Firmly in her grasp

A young Hamil­ton goalie faces an in­ter­est­ing chal­lenge: How do you stop a puck when you can’t hang on to the stick?

The Hamilton Spectator - - FRONT PAGE - sradley@thes­pec.com 905-526-2440 | @radley­atthes­pec Spec­ta­tor columnist Scott Radley hosts The Scott Radley Show weeknights from 7-9 on 900CHML

The fact that she’s a pretty good soc­cer player makes all the sense in the world for rea­sons that will quickly be­come ev­i­dent. The fact that she’s a pretty good hockey goalie as well, though? That’s a bit tougher to grasp.

Which seems like a per­fect way to be­gin telling Eva McCurlie’s story. Be­cause ‘tough to grasp’ is pretty much the launch­ing point.

Ask any­one who’s had the task of be­ing a lit­tle dif­fer­ent and they’ll al­most cer­tainly tell you it’s not al­ways easy. It hasn’t been with­out chal­lenges for Eva. Not be­ing able to do up but­tons on her shirt is one thing. Strug­gling to write is an­other. But more un­com­fort­able than any phys­i­cal chal­lenge were the stares. The long looks at her right hand that lin­gered a lit­tle too long.

“Nor­mally I’d just put it in my pocket or tuck it in my shirt sleeve,” the 11-year-old says.

But even that paled in com­par­i­son to the hockey prob­lem.

A cou­ple years ago, the Ry­er­son El­e­men­tary School stu­dent caught the hockey bug from an aunt who loved the game. The ath­letic girl soon de­cided she wanted to play. And af­ter tak­ing a whirl as a for­ward, Eva an­nounced she wanted to be a goalie.

En­ter the prob­lem. How do you play a po­si­tion that re­quires you to hold a stick with a hand that’s not built for the task?

The 11-year-old was born with some­thing called Poland Syn­drome. It’s a con­di­tion that causes some part of a body to be un­der­de­vel­oped at birth. In her case, her right hand. It’s al­ways been about half the size of the other and her fin­gers are miss­ing the mid­dle knuckle. In the fam­ily, they en­dear­ingly call it her lit­tle fin.

When she first pulled on the pads, she tried grasp­ing the stick the usual way but it didn’t go par­tic­u­larly well. Her tiny fin­gers couldn’t wrap around the shaft so it just kept falling.

Within a few days a fam­ily friend had tried jerry rig­ging a strap that held the stick to her. It did keep the stick off the ice. Ex­cept the stick still slipped out of her hand ev­ery time she stopped a shot and then it just kind of dan­gled there.

Mom and dad wracked their brains try­ing to come up with a so­lu­tion be­cause Eva was re­ally lik­ing this goal­tend­ing thing but the prob­lem wasn’t go­ing away. Then a friend sug­gested the Pros­thet­ics and Or­thotics de­part­ment at the Ron Joyce Chil­dren’s Health Cen­tre. The folks there might be able to fig­ure some­thing out. Not eas­ily, as it turns out. “This was def­i­nitely a brain teaser,” cer­ti­fied pros­thetist Todd Waite says.

Over his five-year ca­reer, he’s come up with hun­dreds of so­lu­tions to even some of the trick­i­est sce­nar­ios. He’s cre­ated fin­ger­tips for some­one who lost his so the guy could play gui­tar. He’s put a full arm on a man miss­ing his en­tire shoul­der. He’s helped peo­ple with­out legs walk. He’s good at this stuff.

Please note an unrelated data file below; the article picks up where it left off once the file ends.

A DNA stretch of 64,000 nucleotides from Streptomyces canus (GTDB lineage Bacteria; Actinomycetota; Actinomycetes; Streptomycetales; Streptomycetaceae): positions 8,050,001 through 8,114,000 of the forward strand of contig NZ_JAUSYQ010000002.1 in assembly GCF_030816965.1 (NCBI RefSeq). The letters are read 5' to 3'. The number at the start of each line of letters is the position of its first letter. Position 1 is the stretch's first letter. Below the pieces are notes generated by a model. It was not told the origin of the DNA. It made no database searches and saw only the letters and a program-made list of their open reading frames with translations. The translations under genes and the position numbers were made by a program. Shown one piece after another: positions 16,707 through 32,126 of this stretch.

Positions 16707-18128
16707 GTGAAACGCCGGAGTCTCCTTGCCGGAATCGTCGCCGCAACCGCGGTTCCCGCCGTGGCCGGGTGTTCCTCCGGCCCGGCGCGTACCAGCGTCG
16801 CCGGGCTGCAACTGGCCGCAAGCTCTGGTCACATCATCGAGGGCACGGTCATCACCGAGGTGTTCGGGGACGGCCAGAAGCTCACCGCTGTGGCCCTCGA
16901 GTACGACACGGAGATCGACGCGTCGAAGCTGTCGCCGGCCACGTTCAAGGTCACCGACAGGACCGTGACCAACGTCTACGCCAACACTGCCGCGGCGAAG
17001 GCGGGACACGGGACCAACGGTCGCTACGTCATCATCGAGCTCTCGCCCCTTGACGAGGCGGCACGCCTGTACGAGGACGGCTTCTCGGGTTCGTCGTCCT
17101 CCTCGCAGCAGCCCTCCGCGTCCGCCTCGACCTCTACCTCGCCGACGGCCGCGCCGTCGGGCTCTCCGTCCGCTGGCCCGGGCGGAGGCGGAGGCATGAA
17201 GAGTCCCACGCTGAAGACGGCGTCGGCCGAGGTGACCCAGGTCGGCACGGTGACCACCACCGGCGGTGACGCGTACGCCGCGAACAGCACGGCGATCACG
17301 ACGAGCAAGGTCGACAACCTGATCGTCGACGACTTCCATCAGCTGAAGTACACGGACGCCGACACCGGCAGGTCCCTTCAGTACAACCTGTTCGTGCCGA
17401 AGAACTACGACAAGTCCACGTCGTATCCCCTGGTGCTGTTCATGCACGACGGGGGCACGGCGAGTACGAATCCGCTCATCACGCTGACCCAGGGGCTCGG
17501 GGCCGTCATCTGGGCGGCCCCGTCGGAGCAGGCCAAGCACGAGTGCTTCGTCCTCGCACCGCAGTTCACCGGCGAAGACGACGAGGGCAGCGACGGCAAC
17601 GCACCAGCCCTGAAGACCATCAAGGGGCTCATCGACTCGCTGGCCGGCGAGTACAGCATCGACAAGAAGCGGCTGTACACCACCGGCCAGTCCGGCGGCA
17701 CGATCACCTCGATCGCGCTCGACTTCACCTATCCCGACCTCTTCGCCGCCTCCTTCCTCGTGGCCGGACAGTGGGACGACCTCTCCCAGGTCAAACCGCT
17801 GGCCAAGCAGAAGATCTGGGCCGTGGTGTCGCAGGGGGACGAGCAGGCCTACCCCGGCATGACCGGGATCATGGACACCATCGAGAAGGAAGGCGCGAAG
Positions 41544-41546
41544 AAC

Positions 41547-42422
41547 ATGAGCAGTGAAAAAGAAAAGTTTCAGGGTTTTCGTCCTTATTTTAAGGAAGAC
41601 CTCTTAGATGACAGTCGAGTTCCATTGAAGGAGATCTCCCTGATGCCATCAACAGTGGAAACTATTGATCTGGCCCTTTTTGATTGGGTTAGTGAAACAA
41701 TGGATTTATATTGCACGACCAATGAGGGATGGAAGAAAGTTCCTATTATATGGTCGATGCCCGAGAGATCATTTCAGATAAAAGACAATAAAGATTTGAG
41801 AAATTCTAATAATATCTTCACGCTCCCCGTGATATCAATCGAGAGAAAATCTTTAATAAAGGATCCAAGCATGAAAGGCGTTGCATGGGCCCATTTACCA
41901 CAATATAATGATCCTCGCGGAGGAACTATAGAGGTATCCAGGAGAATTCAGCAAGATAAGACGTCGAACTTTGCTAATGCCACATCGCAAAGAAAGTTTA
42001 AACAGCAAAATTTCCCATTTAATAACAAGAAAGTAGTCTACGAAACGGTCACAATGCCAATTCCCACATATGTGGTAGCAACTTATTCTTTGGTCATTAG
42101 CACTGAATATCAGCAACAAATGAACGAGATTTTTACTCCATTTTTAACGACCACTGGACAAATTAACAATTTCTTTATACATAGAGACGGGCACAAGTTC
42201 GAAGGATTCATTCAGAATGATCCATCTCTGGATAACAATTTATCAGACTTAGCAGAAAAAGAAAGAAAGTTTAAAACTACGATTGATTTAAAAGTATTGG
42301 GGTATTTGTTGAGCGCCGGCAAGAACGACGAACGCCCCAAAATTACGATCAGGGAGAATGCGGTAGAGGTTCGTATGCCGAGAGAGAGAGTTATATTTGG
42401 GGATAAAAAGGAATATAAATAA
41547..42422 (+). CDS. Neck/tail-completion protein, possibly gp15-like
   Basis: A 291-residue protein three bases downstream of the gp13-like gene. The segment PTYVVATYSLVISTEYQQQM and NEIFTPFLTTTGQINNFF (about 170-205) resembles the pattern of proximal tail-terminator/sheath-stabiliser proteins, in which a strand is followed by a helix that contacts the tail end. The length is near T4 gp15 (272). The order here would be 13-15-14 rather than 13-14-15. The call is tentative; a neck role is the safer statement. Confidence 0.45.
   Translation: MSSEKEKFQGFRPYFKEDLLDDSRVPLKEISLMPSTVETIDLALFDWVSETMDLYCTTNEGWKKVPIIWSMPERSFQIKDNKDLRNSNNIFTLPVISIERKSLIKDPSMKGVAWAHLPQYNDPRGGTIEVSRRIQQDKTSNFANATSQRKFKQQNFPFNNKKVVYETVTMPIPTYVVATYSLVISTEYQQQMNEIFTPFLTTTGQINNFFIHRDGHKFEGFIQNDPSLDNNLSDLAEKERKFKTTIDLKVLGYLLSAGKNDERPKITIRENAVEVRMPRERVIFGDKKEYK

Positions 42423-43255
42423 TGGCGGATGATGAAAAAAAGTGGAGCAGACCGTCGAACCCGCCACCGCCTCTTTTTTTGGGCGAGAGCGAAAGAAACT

This one though? This was tough. Night af­ter night for three straight weeks, he lay in bed think­ing about it. He asked ev­ery­one in the de­part­ment for ideas. Truth is, the an­swer would’ve been eas­ier if Eva had no hand at all.

“Her hand is al­most one-jointed,” he says. “It’s like a pan­cake try­ing to squeeze some­thing.”

Fi­nally, he took a mould of her hand then started work­ing on a thought. Not quite con­fi­dent it was go­ing to work. Maybe he could fab­ri­cate a grip she could ma­nip­u­late that would also grasp the stick.

The first model was too sticky. The sec­ond was too stiff. They third didn’t have the right mix­ture of chem­i­cals. The fourth was too soft. Just as his ef­forts were start­ing to sound like a mod­ern-day retelling of Goldilocks and the Three Bears, he nailed it.

Try No. 5 saw him pro­duce a grip that fit into her blocker and stayed there with Vel­cro. She slid her hand in­side it — al­most like a hand in a base­ball glove — and squeezed. The larger ex­te­rior of the grip then squeezed the stick. If it wasn’t the per­fect so­lu­tion, it sure was close.

Bauer, the equip­ment com­pany, then chipped in with a cus­tom crafted, ex­tra light car­bon fi­bre goalie stick that has a thin­ner shaft for her. It even has her last name em­bossed on it like the pros.

“It felt kind of in­cred­i­ble,” Eva says. “It felt like I had the same grip as other peo­ple.”

By the sec­ond time she used it, she had it. Now she’s not stop­ping. All through the sum­mer, you can find her at the Mo­hawk 4 Ice Cen­tre stop­ping pucks in a 3-on-3 league. Or in her back­yard tak­ing shots from a friend. Wear­ing the mask Bauer threw in as a gift.

Come Oc­to­ber, the real test starts. The girl who couldn’t hold a stick not long ago will be stop­ping shots when it counts. Against boys. A few weeks ago she went out for tryouts for Corona­tion’s se­lect team with her stick firmly in her grasp.

She made it.

Eva McCurlie, 11, uses a cus­tom­ized blocker when she plays.

SCOTT RADLEY

CATHIE COW­ARD, THE HAMIL­TON SPEC­TA­TOR

Hockey skate and equip­ment maker Bauer cre­ated the cus­tom ta­per shaft for Eva’s stick. The pros­thet­ics de­part­ment at the Ron Joyce Chil­dren’s Cen­tre cre­ated the cus­tom grip.

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